In 1882 the Smithsonian Institution Arctic scientist Lucien M. Turner travelled to the Ungava District-encompassing Northern Quebec and Labrador-where he spent two years as part of a mission to record meteorological data for an International Polar Year research program. While stationed at the Hudson's Bay Company trading post of Ft. Chimo in Ungava Bay, now the Inuit community of Kuujjuaq, he expanded his observations to studies of the natural history and ethnography of the Inuit and Innu-the aboriginal peoples of the region. His ethnography of the Inuit and Innu people was published in 1984, but his substantial writings on language and natural history never made it to print. His unpublished notes on the mammals of the region, many derived from Inuit and Innu knowledge and stories, are finally presented in this book.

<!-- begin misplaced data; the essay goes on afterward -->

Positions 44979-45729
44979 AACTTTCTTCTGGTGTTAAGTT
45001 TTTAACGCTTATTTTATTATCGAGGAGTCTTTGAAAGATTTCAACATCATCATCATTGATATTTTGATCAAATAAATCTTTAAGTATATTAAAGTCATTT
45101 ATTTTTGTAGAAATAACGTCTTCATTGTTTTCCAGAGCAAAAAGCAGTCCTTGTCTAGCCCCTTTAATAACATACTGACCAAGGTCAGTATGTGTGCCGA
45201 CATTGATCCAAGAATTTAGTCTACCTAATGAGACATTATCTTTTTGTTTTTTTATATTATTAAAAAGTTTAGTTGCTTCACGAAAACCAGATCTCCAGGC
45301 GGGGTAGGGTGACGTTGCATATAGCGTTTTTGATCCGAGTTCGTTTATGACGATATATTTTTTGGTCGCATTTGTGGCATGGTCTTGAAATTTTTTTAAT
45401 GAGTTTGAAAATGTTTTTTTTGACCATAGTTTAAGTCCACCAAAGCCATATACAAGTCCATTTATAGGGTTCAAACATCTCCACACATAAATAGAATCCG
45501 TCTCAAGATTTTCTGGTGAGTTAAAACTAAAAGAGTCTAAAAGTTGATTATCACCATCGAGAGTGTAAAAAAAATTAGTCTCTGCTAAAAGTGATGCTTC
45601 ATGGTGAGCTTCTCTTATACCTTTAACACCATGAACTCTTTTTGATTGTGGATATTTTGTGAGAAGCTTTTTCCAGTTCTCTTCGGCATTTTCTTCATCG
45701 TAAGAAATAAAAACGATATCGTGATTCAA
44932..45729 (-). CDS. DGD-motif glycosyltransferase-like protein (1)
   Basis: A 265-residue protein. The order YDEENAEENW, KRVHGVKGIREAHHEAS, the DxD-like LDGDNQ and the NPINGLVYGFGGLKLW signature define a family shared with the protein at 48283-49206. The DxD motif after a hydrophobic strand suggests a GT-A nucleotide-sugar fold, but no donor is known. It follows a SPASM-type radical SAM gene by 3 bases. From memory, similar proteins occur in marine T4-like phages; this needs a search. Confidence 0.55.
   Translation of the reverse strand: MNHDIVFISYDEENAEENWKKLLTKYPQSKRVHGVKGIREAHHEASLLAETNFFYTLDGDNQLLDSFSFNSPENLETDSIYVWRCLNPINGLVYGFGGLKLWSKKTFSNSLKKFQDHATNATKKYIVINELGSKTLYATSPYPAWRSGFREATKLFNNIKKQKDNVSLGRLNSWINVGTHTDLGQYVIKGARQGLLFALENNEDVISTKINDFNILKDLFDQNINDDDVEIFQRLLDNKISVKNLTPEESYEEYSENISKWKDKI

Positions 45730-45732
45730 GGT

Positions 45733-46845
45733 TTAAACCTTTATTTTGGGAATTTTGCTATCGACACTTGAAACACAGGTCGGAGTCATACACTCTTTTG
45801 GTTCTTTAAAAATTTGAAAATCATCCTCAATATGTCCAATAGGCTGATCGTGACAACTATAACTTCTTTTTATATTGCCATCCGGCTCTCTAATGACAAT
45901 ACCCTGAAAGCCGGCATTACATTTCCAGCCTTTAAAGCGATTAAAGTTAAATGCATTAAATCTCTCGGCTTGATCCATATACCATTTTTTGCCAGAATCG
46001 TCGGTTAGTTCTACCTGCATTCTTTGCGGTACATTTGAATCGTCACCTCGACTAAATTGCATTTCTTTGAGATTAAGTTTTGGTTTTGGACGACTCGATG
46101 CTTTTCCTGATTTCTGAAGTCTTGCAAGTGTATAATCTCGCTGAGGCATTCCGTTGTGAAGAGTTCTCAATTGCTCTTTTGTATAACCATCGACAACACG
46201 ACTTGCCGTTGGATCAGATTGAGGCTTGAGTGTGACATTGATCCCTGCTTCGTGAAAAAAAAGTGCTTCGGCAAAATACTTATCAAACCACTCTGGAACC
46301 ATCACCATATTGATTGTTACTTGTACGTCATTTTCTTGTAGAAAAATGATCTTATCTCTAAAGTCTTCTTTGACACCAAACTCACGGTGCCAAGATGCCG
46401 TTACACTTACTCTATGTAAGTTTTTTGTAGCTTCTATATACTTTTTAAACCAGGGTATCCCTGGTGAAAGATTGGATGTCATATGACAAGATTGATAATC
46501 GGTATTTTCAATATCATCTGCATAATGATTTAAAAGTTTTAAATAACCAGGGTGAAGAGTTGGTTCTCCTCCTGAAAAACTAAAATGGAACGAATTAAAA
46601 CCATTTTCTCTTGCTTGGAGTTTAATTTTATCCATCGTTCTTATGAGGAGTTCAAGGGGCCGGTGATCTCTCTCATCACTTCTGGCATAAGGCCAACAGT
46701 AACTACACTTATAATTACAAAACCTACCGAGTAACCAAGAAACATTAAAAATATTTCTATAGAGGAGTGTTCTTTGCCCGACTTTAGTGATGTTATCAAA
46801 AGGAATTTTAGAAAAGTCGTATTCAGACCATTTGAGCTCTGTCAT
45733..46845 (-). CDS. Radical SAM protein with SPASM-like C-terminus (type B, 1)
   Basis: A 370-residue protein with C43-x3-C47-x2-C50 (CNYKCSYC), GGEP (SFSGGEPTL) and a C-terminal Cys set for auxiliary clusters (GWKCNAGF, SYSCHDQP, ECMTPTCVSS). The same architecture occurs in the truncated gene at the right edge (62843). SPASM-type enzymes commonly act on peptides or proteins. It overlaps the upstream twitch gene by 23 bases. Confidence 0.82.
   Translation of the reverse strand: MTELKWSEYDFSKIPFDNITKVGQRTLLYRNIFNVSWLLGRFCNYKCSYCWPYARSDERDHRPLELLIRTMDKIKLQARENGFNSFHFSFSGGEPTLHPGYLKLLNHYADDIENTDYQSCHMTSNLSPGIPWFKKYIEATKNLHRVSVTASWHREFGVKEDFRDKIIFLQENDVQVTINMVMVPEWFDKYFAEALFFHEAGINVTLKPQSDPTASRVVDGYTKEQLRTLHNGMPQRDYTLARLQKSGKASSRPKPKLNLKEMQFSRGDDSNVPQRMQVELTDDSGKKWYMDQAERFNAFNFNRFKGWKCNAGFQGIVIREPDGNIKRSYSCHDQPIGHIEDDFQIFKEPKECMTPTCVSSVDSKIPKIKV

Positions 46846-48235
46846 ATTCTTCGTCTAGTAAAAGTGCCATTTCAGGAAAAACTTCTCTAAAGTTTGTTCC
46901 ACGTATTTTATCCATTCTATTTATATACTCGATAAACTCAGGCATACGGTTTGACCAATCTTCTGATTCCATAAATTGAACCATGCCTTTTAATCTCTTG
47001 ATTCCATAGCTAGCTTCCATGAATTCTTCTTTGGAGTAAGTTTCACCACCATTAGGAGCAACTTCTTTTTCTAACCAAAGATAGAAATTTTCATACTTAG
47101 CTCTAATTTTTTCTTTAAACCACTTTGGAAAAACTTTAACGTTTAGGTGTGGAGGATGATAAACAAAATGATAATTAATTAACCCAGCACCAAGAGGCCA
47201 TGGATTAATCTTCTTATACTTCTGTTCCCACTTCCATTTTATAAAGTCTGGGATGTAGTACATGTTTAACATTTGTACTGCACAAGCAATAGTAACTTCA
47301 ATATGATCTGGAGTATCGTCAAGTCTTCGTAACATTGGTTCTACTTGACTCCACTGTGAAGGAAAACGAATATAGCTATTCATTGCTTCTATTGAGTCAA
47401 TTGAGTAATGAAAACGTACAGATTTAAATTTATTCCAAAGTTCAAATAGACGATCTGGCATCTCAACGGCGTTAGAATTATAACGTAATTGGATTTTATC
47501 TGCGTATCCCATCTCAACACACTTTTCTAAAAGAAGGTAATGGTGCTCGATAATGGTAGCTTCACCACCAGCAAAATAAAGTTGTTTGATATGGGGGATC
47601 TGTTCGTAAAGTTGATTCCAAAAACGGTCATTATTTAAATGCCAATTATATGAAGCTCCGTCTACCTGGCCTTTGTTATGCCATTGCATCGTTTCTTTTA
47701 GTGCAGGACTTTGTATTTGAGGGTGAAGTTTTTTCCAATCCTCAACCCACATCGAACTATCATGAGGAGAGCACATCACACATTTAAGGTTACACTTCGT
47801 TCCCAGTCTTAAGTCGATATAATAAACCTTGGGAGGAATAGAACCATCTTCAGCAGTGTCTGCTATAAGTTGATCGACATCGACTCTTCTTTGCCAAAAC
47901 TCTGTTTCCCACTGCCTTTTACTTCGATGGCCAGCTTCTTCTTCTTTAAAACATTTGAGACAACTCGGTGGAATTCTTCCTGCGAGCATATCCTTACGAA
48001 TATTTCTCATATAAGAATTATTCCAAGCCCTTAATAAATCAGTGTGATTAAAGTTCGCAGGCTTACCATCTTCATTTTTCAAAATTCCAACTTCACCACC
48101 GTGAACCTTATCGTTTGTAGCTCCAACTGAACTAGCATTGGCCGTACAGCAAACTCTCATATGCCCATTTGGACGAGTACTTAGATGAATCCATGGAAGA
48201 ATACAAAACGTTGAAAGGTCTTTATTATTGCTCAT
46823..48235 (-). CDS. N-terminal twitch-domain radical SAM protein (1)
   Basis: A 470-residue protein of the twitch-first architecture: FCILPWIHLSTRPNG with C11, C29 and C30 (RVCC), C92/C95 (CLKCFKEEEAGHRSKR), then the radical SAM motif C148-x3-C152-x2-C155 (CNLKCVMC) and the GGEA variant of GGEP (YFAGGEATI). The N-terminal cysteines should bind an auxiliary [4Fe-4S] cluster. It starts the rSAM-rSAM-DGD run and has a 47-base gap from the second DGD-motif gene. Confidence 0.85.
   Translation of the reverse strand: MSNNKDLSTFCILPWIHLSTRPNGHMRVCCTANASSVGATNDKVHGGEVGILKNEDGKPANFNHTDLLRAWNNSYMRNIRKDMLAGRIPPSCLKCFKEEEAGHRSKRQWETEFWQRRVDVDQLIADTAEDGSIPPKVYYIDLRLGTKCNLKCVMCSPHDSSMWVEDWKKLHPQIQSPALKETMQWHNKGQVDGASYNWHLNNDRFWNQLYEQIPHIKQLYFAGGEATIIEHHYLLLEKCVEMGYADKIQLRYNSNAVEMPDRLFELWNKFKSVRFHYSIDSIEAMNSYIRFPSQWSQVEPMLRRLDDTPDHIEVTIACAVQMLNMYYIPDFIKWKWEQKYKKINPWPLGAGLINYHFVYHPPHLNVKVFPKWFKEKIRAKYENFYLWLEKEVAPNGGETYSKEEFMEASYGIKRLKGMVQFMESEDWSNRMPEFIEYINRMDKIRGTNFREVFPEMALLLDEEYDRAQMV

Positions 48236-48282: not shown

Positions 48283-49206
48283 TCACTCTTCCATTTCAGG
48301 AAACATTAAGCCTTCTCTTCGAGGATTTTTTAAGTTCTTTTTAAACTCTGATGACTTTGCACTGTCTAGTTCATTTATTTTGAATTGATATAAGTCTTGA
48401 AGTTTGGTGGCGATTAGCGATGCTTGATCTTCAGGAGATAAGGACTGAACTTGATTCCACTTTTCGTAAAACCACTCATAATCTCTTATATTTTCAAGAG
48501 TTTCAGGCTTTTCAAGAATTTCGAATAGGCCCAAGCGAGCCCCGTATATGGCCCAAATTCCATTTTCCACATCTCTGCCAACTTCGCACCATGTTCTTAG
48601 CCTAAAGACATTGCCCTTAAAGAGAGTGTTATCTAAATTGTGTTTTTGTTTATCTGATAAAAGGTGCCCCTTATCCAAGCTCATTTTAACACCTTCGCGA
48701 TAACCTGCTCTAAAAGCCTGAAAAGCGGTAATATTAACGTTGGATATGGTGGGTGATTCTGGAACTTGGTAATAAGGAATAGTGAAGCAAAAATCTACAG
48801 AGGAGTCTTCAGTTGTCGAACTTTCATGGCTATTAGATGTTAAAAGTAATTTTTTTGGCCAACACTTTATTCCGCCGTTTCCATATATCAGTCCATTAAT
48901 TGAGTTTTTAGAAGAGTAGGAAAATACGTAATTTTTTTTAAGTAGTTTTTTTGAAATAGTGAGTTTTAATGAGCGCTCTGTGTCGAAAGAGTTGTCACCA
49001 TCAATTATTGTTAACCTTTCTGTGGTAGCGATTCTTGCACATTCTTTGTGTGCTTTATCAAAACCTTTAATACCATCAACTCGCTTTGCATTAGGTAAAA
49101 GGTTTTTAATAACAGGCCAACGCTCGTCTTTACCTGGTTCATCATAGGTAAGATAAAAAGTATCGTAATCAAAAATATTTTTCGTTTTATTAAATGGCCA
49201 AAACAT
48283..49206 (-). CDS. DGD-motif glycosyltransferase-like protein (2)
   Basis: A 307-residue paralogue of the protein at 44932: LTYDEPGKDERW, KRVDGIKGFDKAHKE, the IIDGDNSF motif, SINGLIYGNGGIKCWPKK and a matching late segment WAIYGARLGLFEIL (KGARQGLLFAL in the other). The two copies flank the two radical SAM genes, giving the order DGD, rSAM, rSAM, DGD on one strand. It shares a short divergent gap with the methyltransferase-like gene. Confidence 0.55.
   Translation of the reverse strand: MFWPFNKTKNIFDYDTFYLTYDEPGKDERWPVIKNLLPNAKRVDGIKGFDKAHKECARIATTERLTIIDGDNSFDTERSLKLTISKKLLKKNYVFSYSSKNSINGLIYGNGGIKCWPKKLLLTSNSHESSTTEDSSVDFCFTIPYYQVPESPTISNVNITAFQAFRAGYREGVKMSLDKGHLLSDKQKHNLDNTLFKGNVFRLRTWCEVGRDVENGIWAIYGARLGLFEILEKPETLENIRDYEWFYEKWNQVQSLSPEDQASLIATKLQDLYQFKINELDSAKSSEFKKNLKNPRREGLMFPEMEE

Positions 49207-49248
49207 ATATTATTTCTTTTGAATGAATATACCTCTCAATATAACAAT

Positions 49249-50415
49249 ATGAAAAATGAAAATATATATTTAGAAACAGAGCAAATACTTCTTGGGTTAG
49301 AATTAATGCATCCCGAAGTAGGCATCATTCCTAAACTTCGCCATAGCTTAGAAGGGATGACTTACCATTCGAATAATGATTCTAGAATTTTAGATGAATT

Scott Heyes is a Smithsonian Institution Arctic Studies Center Research Associate and Assistant Professor based at the University of Canberra, Australia. Kristofter Helgen is a Research Zoologist and Curator-in-charge of the Division of Mammals at the Smithsonian National Museum of Natural History in Washington, DC. Preface by Stephen Loring, Museum Anthropologist and Arctic Archaeologist, Arctic Studies Center, Smithsonian Institution.
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